WASHINGTON - Sen. Chuck Grassley of Iowa is working to educate fellow members of Congress and the public about the needs of youth in foster care, with a special focus on the 29,000 young people who "age out" of foster care each year without permanent families.  May is National Foster Care Month.

"Children in foster care don't have highly paid 'K' street lobbyists advancing their cause," Grassley said.  "To move forward with legislation, Congress needs to hear ideas and opinions directly from the community.  Information sessions and panel discussions offer us the opportunity to learn what we need to do to move forward so that no child is ever without a permanent and loving home, and that foster youth have a smooth transition out of the system."

Grassley is founder and co-chairman of the Senate Caucus on Foster Youth.  This week, he and his co-chairman, Sen. Mary Landrieu of Louisiana, hosted a policy briefing covering recommendations in areas such as employment, housing, financial security, education, mentoring and permanency to improve the experiences and outcomes of youth in foster care. The panelists included researchers, child welfare experts, and alumni of the foster care system.

In coordination with the briefing on older foster youth, Grassley joined in introducing a Senate resolution on National Foster Care Month. The measure, which was introduced with bipartisan support, encourages Congress to implement sound policy to improve the lives of the almost 500,000 children in the foster care system.  For the text of the resolution, please click here.

And on Monday, Grassley will co-host an event that will feature excerpts from an upcoming Porch Productions documentary "From Place to Place", which follows six young people as they age out of the foster care system, followed by a roundtable discussion among two of the subjects of the film, leading child welfare researchers, advocates, young people from foster care, and policy makers.  The documentary preview and roundtable discussion, "When Foster Care Becomes Home: What Can Be Done to Improve Options for Youth in Foster Care?", will be held on Monday, May 17, 2010, from 3:30 p.m. to 5 p.m. EST in Senate Dirksen Building, Room G-50, Washington, D.C.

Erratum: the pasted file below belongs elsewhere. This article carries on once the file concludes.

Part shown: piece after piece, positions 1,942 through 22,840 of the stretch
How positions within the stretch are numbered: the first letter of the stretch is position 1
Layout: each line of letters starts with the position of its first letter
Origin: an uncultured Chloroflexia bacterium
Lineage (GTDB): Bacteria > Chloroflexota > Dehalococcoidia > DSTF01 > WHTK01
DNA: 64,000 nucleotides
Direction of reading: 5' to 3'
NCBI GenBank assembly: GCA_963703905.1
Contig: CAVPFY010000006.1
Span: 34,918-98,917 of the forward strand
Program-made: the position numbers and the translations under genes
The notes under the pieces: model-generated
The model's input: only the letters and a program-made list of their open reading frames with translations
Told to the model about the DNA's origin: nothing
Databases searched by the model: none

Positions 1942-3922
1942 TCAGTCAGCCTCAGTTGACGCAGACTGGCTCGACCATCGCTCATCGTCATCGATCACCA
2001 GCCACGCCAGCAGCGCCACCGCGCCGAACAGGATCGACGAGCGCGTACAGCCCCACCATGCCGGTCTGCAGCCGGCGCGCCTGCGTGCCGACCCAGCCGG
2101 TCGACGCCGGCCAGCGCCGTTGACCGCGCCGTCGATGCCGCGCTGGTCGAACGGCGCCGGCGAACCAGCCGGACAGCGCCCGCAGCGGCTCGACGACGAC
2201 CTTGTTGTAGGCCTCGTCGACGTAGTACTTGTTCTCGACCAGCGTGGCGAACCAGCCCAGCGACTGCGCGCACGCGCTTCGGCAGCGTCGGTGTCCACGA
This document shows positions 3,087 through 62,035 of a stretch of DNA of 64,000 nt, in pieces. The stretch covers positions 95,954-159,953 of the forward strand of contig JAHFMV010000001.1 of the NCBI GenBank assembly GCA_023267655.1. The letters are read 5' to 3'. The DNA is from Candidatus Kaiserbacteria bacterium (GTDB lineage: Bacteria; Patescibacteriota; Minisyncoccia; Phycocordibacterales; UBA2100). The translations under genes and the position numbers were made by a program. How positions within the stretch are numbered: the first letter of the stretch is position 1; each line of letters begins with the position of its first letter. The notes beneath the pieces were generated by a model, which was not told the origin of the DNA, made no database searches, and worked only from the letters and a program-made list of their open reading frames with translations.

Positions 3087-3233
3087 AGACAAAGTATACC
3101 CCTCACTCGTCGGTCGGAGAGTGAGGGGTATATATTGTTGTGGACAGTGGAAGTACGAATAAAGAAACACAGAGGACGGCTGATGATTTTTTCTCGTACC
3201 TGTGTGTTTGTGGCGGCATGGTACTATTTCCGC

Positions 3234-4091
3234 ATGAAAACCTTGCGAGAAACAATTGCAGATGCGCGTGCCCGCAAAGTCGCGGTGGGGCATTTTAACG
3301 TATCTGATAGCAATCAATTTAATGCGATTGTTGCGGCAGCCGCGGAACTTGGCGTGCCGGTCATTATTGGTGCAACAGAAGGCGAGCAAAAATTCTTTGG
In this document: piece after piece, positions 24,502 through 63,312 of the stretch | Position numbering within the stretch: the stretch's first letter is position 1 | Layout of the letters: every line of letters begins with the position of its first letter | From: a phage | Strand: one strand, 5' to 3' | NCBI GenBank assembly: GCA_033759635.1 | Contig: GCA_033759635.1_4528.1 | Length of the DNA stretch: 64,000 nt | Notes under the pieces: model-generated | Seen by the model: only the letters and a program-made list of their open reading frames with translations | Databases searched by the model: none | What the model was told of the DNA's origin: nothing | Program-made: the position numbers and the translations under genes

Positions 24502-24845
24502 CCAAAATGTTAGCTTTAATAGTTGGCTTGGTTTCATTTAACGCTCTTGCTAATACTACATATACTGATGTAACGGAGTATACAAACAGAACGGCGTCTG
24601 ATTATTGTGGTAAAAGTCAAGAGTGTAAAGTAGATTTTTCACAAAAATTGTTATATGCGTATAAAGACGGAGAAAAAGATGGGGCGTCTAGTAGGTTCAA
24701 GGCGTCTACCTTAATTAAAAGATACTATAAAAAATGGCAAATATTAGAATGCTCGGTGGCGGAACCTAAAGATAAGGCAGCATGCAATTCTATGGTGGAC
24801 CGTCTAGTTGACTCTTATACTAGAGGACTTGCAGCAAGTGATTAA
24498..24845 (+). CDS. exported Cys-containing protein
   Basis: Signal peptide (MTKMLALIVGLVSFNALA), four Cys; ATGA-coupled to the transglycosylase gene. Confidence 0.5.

Grassley said a forthcoming legislative vehicle to help foster youth is the reauthorization of the federal Elementary and Secondary Education Act.  Grassley has urged the Health Education Labor and Pensions Committee, which earlier this year began holding hearings on the reauthorization of the act, to consider the direct experiences of foster youth in the nation's educational system and their suggestions for reform. Reforms could include better record-keeping, more of an effort to keep students in the same school when their foster home changes, and better coordination between school personnel and child welfare agencies in developing strategies to help these youths.  Last month, a committee hearing including testimony from a foster youth, as Grassley encouraged.  The teen-ager described her difficulties staying in a school throughout homelessness and then foster care.

"The older kids in foster care and the young adults who have just 'aged out' and don't have the support and stability of a permanent family face special challenges," Grassley said.  "The issues challenging these young people - school attendance and performance, substance abuse, financial literacy, teen pregnancy, homelessness, and juvenile delinquency - have come to my attention through my efforts on foster care and adoption over the last 13 years."

In 2008, Congress passed and the President signed legislation Grassley initiated to make major updates to foster care laws and dramatically increase adoption into permanent, loving homes.  The law - Fostering Connections to Success and Increasing Adoption Act of 2008 -- also broke new ground by establishing opportunities for states to extend care and help "aged out" kids with education and vocational training.  Monitoring implementation of this law is another focus of the Senate caucus.


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